Green technology in diesel cars is making allergies WORSE, according to a new study.
Vehicles with a soot filter aggravate common allergies more than those without one, the findings suggest.
The filters have been fitted to diesel cars for the last two decades to reduce emissions.
They work by netting small particles in exhaust fumes but also increase the amount of nitrogen dioxide (NO2) released into the air.
Now tests by Canadian researchers, published in the American Journal of Respiratory and Critical Care Medicine, show the increased NO2 could be making common allergic reactions worse.
Study senior author Dr Chris Carlsten, of the University of British Columbia, said: “The take-home message is that technologies that remove particulate matter from diesel exhaust cannot be simply assumed to be beneficial to health, especially in susceptible populations.
“We previously demonstrated that diesel exhaust augmented allergic responses as well as airflow declines in those genetically susceptible, but we wondered if removing particles from the exhaust would lessen these effects.”
The study involved testing the lung capacity of 14 non-smoking adults with one of three common air allergies.
Researchers also measured their white blood cell levels – an indicator to see if their immune system was “overreacting” to allergens and triggering an allergic response.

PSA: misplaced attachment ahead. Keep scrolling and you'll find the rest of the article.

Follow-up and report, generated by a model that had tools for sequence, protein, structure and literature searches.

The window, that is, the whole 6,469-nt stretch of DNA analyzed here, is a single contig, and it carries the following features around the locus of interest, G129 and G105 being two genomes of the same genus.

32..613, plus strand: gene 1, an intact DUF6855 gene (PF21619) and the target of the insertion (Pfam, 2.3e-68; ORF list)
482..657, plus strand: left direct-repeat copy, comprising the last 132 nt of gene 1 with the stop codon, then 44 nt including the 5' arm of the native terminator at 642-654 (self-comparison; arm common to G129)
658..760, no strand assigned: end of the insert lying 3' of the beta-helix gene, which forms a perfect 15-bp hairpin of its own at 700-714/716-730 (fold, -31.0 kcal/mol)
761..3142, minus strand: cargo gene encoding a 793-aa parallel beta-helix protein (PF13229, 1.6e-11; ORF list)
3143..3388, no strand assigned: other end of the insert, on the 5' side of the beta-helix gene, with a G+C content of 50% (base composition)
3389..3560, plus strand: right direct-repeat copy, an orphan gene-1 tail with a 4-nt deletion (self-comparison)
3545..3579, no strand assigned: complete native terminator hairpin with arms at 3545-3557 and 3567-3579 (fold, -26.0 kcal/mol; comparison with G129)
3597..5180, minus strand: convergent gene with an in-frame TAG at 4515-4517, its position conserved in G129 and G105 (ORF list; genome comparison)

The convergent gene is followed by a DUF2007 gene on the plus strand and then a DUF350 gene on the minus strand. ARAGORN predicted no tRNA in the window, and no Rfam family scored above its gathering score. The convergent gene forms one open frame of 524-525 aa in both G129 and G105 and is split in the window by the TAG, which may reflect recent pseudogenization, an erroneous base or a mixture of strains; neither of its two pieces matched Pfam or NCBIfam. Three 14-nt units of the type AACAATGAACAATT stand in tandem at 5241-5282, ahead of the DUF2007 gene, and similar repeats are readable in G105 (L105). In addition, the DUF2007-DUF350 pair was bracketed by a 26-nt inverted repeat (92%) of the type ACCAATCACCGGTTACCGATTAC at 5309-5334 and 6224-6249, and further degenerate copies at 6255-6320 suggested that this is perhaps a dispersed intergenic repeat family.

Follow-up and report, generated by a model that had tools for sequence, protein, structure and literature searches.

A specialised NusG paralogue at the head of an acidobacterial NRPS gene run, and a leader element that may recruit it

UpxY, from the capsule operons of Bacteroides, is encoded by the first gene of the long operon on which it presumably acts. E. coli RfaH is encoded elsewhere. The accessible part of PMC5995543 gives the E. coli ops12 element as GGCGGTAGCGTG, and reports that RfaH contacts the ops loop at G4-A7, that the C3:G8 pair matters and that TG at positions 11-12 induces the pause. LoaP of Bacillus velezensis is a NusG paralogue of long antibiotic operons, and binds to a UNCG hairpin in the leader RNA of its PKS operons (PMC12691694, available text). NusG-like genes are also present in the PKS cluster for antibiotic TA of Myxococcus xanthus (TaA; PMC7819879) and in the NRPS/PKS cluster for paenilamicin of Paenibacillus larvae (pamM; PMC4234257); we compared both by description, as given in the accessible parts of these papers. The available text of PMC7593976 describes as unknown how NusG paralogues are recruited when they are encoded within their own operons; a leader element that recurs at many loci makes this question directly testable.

The test subjects were exposed to air, the same with their allergen present, and the again with added diesel exhaust fumes and fumes that had gone through a filter instead.
They underwent the methacholine challenge – how much air they can exhale in one second and had blood samples taken.
Dr Carlsten, head of respiratory medicine and Canada Research Chair in Occupational and Environmental Lung Disease at the University of British Columbia, said exhaust fumes had higher levels of NO2 levels after going through a soot filter.
And exposure to the air with filtered diesel exhaust and allergen decreased the participants’ methacholine challenge scores than than allergen alone and unfiltered diesel exhaust and allergen.
He said their increasing levels of white blood cells were associated with their reduced scores, suggesting that white blood cells “play a meaningful role in reducing lung function in the context of these exposures.”
And the effects of filtered diesel exhaust on lung function and on white blood cells were more pronounced in those participants who were genetically susceptible to oxidative stress – when there is an imbalance of free radicals and antioxidants in the body.